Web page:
Difference between revisions of "Transform"

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Taking any signal with a [[time domain]], there several mathematical processes that can be applied to transform the signal into another representation that can have other useful applications.
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Taking any signal with a [[time domain]], there are several mathematical processes that can be applied to transform the signal into another representation that can have other useful applications.
  
 
For example, you can take a raw signal (axis defined as: x= time; y=amplitude) and apply a common transformation method: Fourier (see [[FFT]]), [[wavelet]], [[Wigner distribution]], or Radon.
 
For example, you can take a raw signal (axis defined as: x= time; y=amplitude) and apply a common transformation method: Fourier (see [[FFT]]), [[wavelet]], [[Wigner distribution]], or Radon.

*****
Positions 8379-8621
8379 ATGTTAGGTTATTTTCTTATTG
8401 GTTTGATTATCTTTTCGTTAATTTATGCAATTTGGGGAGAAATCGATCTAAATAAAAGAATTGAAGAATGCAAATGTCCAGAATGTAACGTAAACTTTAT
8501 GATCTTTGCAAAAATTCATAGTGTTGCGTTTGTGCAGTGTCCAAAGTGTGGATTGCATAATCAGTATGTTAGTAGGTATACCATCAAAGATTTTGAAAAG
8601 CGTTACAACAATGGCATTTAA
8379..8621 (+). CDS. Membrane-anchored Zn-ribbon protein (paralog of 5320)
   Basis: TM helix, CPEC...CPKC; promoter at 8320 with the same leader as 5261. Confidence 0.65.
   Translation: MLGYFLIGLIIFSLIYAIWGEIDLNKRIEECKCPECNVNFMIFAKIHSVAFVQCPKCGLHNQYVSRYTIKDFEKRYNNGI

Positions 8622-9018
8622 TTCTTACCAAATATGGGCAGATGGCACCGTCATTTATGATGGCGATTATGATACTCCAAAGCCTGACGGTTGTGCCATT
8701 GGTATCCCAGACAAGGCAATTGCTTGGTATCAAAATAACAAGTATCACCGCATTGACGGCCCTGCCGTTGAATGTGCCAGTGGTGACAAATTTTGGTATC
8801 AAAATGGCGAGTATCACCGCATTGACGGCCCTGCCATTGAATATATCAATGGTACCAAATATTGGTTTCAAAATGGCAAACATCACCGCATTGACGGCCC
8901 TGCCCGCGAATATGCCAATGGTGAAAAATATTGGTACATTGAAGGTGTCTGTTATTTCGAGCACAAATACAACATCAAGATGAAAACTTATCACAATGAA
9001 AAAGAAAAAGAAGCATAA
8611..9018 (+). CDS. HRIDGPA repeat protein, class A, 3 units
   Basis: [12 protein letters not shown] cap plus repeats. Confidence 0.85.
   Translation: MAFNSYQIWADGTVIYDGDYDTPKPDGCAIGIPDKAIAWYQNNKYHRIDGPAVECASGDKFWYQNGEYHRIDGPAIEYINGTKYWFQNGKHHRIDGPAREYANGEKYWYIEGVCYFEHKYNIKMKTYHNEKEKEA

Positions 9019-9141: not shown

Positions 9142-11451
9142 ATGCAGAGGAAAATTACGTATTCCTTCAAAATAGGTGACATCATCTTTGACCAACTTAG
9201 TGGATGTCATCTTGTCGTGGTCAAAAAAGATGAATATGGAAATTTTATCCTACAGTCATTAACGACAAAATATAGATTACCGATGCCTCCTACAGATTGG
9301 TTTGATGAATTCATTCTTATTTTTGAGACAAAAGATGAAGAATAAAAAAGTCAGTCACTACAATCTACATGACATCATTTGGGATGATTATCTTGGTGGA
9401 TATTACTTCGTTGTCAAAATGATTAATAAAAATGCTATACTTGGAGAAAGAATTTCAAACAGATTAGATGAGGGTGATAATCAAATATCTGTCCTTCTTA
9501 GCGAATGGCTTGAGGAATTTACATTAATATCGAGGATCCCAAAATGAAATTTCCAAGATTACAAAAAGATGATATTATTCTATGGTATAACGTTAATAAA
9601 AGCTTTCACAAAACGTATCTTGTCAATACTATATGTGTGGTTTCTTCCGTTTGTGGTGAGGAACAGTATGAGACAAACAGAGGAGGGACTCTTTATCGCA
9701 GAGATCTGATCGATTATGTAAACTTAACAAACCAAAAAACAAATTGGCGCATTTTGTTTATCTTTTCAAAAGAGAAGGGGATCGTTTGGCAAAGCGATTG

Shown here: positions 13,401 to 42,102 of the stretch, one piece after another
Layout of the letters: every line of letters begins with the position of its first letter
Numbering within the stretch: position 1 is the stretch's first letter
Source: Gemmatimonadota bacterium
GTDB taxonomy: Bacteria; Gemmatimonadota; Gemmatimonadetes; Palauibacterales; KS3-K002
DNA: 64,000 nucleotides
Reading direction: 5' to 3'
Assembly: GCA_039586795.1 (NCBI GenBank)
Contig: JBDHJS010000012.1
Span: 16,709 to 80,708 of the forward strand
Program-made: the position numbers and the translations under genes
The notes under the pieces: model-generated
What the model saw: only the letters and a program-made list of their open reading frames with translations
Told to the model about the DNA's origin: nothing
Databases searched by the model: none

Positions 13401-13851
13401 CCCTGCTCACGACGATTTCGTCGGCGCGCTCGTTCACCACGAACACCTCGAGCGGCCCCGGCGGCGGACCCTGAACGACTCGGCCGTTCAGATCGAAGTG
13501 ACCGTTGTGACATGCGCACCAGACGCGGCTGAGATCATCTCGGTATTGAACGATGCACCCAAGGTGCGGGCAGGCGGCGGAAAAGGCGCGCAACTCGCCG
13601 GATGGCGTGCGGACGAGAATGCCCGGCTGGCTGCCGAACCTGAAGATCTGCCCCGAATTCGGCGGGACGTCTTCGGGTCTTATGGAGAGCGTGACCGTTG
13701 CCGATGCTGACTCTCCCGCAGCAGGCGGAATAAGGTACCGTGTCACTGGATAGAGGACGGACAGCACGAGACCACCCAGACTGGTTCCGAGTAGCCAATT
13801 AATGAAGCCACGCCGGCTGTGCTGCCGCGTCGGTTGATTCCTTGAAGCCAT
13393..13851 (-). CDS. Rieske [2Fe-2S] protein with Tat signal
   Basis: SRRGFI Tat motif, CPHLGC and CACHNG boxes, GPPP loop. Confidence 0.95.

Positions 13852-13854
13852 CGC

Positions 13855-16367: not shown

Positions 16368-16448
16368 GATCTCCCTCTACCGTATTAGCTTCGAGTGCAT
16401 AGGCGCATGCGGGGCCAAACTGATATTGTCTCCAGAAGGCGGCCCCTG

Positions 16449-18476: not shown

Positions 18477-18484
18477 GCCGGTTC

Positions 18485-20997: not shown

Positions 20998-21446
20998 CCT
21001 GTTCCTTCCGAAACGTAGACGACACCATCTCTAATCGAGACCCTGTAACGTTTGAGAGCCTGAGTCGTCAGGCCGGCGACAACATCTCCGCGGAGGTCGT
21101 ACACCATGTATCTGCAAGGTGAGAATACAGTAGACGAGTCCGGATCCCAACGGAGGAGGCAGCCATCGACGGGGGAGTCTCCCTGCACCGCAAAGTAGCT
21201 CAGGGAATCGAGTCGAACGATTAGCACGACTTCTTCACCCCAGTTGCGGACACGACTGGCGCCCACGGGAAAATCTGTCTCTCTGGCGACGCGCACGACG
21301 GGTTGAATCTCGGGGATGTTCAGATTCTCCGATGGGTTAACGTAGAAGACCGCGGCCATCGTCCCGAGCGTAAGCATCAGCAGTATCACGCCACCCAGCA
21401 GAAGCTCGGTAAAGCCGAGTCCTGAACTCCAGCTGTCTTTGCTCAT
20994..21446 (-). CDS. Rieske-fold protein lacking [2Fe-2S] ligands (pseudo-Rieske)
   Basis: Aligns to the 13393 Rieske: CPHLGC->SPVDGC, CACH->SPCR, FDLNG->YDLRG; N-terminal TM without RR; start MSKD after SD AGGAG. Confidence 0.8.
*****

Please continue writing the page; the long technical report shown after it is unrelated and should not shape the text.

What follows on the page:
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[[Category:Technical]]

Latest revision as of 23:48, 8 September 2006

Taking any signal with a time domain, there are several mathematical processes that can be applied to transform the signal into another representation that can have other useful applications.

For example, you can take a raw signal (axis defined as: x= time; y=amplitude) and apply a common transformation method: Fourier (see FFT), wavelet, Wigner distribution, or Radon.